The initial aim of gentrification was that of preservation and revitalisation. A national trend unearthed in the 1950-60s referred to as ‘restoration fever’, a trend of restoring old homes and highlighting their original features, usually by young couples drawn in by the cheap housing prices. Recovering the initial features of the buildings was a way of celebrating the history of the area whilst also maintaining the structural integrity which was getting weak with age. However, it was evident that this was a very middle-class phenomenon because mortgages were not routinely available for houses built before 1918 meaning that renovating these homes was conditional to being able to receive a loan from the bank and having the means of paying the money back. By maintaining these houses “neither people nor buildings have a chance to accumulate the patina of age” (Zukin: 2011, p.2) which would keep the prices high and therefore keep the community exclusive to the social class that could afford it. When the bridges were first built over the River Thames in the 1770s, it became possible to commute from the south of the river into central London for work, before that it was just farmland that had no ties with urban living. London was experiencing the greatest growth in urban population that the world had ever seen and as a result, it was becoming increasingly common for people to get pushed out of their homes in central London to make space for business during the Industrial Revolution. The subsequent development of the train lines in the 1860s provided a way for people to commute into the city, from what used to be deemed the suburbs, in as little as twenty minutes. As a result of this, communities were constantly changing: “most residents are not born there, neither do they live in the same house for generations, and the physical fabric of the city is constantly changing around them” (Zukin: 2011, p.2) and subsequently the identity of the community shifts with it. The main issue was that working-class communities were getting pushed further and further out of urban areas because when private landlords could no longer afford to maintain the properties, working-class families were bribed to move out so that the houses could be sold, allowing space for gentrifiers to move in.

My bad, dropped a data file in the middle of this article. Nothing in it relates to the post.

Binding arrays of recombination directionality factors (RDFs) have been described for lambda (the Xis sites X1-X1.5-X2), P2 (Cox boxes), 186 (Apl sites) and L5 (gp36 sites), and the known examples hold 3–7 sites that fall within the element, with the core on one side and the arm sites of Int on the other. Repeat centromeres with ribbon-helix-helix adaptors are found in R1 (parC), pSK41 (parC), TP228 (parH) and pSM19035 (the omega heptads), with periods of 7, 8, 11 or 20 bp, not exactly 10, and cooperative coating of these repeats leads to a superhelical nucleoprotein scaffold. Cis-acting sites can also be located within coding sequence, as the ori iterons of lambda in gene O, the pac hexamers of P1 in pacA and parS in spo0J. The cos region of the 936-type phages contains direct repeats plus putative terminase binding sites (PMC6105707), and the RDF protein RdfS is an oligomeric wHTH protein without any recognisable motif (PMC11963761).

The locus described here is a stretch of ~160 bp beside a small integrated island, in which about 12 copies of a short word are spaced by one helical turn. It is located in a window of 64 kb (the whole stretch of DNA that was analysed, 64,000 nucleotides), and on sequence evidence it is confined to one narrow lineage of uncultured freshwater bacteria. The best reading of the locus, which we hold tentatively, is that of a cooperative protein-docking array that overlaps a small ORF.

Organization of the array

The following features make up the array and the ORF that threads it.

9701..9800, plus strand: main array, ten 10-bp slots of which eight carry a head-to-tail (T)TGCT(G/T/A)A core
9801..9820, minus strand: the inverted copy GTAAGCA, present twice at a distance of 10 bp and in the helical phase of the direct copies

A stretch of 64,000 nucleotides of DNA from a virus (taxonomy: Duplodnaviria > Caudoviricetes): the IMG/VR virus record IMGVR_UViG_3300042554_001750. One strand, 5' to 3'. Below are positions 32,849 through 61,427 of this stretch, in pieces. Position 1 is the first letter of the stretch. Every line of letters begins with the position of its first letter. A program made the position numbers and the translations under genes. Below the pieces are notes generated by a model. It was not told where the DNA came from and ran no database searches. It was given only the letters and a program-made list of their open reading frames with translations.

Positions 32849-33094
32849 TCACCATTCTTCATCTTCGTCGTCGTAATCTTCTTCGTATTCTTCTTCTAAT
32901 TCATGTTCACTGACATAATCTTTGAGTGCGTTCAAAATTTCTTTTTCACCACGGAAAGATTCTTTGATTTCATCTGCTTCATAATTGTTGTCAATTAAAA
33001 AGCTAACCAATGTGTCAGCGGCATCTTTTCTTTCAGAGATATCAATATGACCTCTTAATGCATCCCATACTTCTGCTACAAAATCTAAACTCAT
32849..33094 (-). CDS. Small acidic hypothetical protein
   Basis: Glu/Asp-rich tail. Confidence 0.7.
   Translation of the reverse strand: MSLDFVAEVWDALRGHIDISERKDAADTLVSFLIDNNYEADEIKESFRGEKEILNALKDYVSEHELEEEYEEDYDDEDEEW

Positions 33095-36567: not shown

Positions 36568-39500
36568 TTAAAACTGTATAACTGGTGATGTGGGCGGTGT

Between 1967 and 1976, the council were responsible for the demolition of 70,000 houses around London, an action they deemed necessary for solving the post-war housing crisis. In place of Georgian style houses, industrial housing estates were built as council houses as a way to solve this crisis. Camberwell Grove was one of the areas marked for demolition, however, the new residents of the Grove were ready to fight back. The History of our Streets (Cranitch: 2015), a documentary broadcast on the BBC, analysed the changes that have occurred in Camberwell Grove and how this has affected the area. Groups started springing up, such as that of the Camberwell Preservation Society, to protect the architectural past of the city. The homeowners on the grove were proud of the history of their houses and the work that they had put into restoring them. However, as opposed to these individuals being praised for wanting to protect the original houses, those that were fighting back against the demolition were viewed only as middle-class individuals who were solely interested in the value of their own properties. Camberwell Grove in South East London was one of the areas mapped by urban explorer Charles Booth, who recognised the emergence of a new middle class. He first mapped the social makeup of the Grove in 1889. At this time, the Grove was very affluent with all the houses being ranked in the top two classification tiers, red and yellow, upper class and middle class. Nine years later, Booth mapped the Grove again and discovered significant social shifts. The Grove was now classified as declining, with pink being introduced towards the bottom of the road which signified the move in of working-class families, subsequently changing the identity of the Grove to a developing area rather than an affluent one. By the 1920s when Booth classified the Grove for the final time, the whole street had come to be classified as pink because by this time commercial landlords had brought up the majority of the properties to rent to individuals of all occupations. By mapping the streets of London, Booth wanted “to chart stories of momentous social change” (Cranitch: 2015) and establish the “ever-shifting class of its residents” (Cranitch: 2015) through his records. What was once farmland was now the site of a major traffic junction that has over forty thousand vehicles pass through it every day with the constant sound of sirens being given the nickname of the ‘Camberwell chorus’, yet the residential area itself has been described as ‘their own Grove world’ suggesting they were sheltered from the harsh elements of urban living in their gentrified, middle-class world. This suggests an idea of community that is exclusive to Camberwell Grove and excludes any of the surrounding areas. Although Booth is no longer around to map urban social shifts, it is evident that the Grove is once again classified within the top tiers.